Bartender Brady Weise, who has shared his secrets for making great mojitos with us, is also on a crusade to protect vermouth.
For such an iconic drink dating back to the late 17th century, vermouth isn’t getting the respect it deserves. In fact, its reputation is in shambles. While craft bartenders have embraced this wine-based libation, many bartenders, not to mention the public, don’t know what to do with it.
Vermouth is nothing to be afraid of. It’s simply wine that has been infused with herbs and spices, plus a bit of neutral spirit added to it. And it’s elementary to many classic cocktails. For example, if you leave out the vermouth in a Martini or a Manhattan, you’re just drinking chilled booze, not an actual cocktail. It adds a layer of sexy, intrigue to an original creation. Drinking it on the rocks, as folks still do in Europe, is delicious too. If you do dare to order it or serve it naked, you’ll be the avant-garde trendsetter in the bar that night. Promise.
Just as granny embraced it, so you should you. According to Brady Weise, here are five ways to start up—or bring back—that loving feeling with this particular fortified wine, plus a peachy-keen cocktail recipe to boot:
1. Cool it or Lose it
Weise’s advice: “You wouldn’t leave a $60 bottle of Chardonnay or Cabernet open and out on the shelf would you? So, why treat vermouth like that? Leaving it out to collect dust and oxidize only serves to hasten its demise. It does not have the shelf life of liquor. Keep it cold in the fridge and consume it in a timely fashion. Any more than a few months and it will start to turn. Buy smaller bottles if need be.”
2. A Dry Martini Doesn’t Mean You Put Your Vermouth on Lock Down
Sure, Winston Churchill made his ‘dry’ martini by simply glancing towards the direction of France—where the majority of vermouth was produced at the time. However, a dry martini does not mean little or no vermouth. (As with wine, the opposite of dry is sweet.) An order for an extra dry martini signifies that ONLY dry vermouth be used.
Weise’s advice: “The initial martini cocktail, of course, after the real original (Martinez), was made of gin, sweet AND dry vermouth, and orange bitters. It finally found its wings as the version we know today: English gin, dry vermouth, and orange bitters.”
3. Vermouth Beyond Martinis
Weise says: “Vermouth is an amazing tool in a bartenders’ quill. It has a versatility of styles and flavors rarely found in other areas of fortified wine. One of my latest creations uses vodka, French dry vermouth, doughnut peaches, and Thai basil (see recipe below). The vermouth is the matchmaker, allowing the sweetness of the peaches and anise quality of the basil to sing. I recommend picking up different mini bottles of vermouth and consuming them next to an array of fruits and vegetables to see what excites your palette—gotta love the rigors of experimentation.”
4. Go Big or Go Home
From classic brands like Martini and Cinzano, to newer iterations such as Carpano Antica, Vya, and Dolin, the array of vermouths on the market has exploded.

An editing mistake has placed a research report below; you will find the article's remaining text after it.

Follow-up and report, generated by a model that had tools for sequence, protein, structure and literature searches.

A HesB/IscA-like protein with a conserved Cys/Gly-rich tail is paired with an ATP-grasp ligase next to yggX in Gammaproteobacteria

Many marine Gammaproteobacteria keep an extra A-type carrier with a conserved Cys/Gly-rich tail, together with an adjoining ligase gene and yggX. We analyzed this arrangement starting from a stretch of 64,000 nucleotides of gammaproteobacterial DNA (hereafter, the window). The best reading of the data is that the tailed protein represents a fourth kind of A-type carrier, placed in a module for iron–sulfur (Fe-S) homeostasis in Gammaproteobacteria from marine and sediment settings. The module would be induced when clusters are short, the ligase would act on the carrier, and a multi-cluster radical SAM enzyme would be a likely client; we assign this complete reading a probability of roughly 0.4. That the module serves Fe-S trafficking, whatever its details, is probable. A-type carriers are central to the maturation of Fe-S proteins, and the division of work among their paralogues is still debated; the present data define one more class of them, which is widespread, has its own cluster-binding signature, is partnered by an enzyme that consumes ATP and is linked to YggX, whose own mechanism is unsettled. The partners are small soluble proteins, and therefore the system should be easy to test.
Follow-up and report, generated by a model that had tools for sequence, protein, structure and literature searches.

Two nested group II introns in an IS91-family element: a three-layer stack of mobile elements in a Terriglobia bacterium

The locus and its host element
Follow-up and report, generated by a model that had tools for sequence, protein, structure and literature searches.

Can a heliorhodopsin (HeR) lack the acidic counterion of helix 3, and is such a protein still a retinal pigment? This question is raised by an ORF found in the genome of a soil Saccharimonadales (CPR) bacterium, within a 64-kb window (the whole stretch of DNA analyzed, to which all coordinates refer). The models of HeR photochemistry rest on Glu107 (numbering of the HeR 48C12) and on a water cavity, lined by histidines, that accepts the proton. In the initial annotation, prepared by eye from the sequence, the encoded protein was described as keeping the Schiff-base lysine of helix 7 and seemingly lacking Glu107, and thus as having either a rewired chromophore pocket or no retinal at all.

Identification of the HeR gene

Weise’s advice: “There are plenty of day-to-day applications for your standard vermouth brands; there’s a reason they have survived the test of time for their consistently tasty attributes. However, the U.S. cocktail culture resurgence has brought with it many new, craft brands of vermouth, some of which are exceptional. ‘Why would you spend $150 on a bottle of whiskey and put a $5 vermouth in with it? That’s like putting ranch dressing on a $400 steak,’ a vermouth maker once told me. I wholeheartedly agree.”
5. Vermouth Spritzers are Awesome
It’s high time to rediscover the tipple that grandma and her lady friends were imbibing during their weekly bridge game. Why? Says Weise: “If it’s good enough for the Spanish, French, the Italians (and granny), it’s good enough for you.”
Case in point, according to Weise: “The Americano Highball (Campari, sweet vermouth, soda water, and lemon) is one of my favorite sipping cocktails. It’s a low-alcohol drink that’s bitter, sweet, and refreshing—perfect for sipping all day by the pool.”
- 1 oz. Campari
- 1 oz. Sweet Vermouth
- Soda Water, to Top
- Lemon or Orange Twist, for Garnish
Preparation: Pour Campari and vermouth into a collins glass filled with ice. Top with soda water and garnish with twist.
Weise also notes, “Another example of a stellar sipper—call me all manner of names you like— but Mimosas are delicious with a hint of French rose vermouth. The vermouth transforms it into a light and fruit forward drink and showcases the fortified wine’s versatility. Baby steps. Start off with just vermouth, ice, and soda with a twist of lemon.”
The Midnight Sun
Courtesy of Brady Weise, Rathskeller, Pasadena, CA
- 1 1/2 oz. Vodka
- 1 oz. French Dry Vermouth
- 3/4 oz. Simple Syrup
- 3/4 oz. Fresh Lemon Juice
- 1/2 cup White Flesh Peaches (Doughnut Preferred)
- 6 – 8 leaves Thai Basil
Preparation: Take the basil, peaches, lemon juice, and simple syrup and combine them in a mixing vessel. Lightly muddle the ingredients and then add the vermouth and vodka. Mix slightly and pour over crushed ice. Garnish with a basil sprig and peach slice.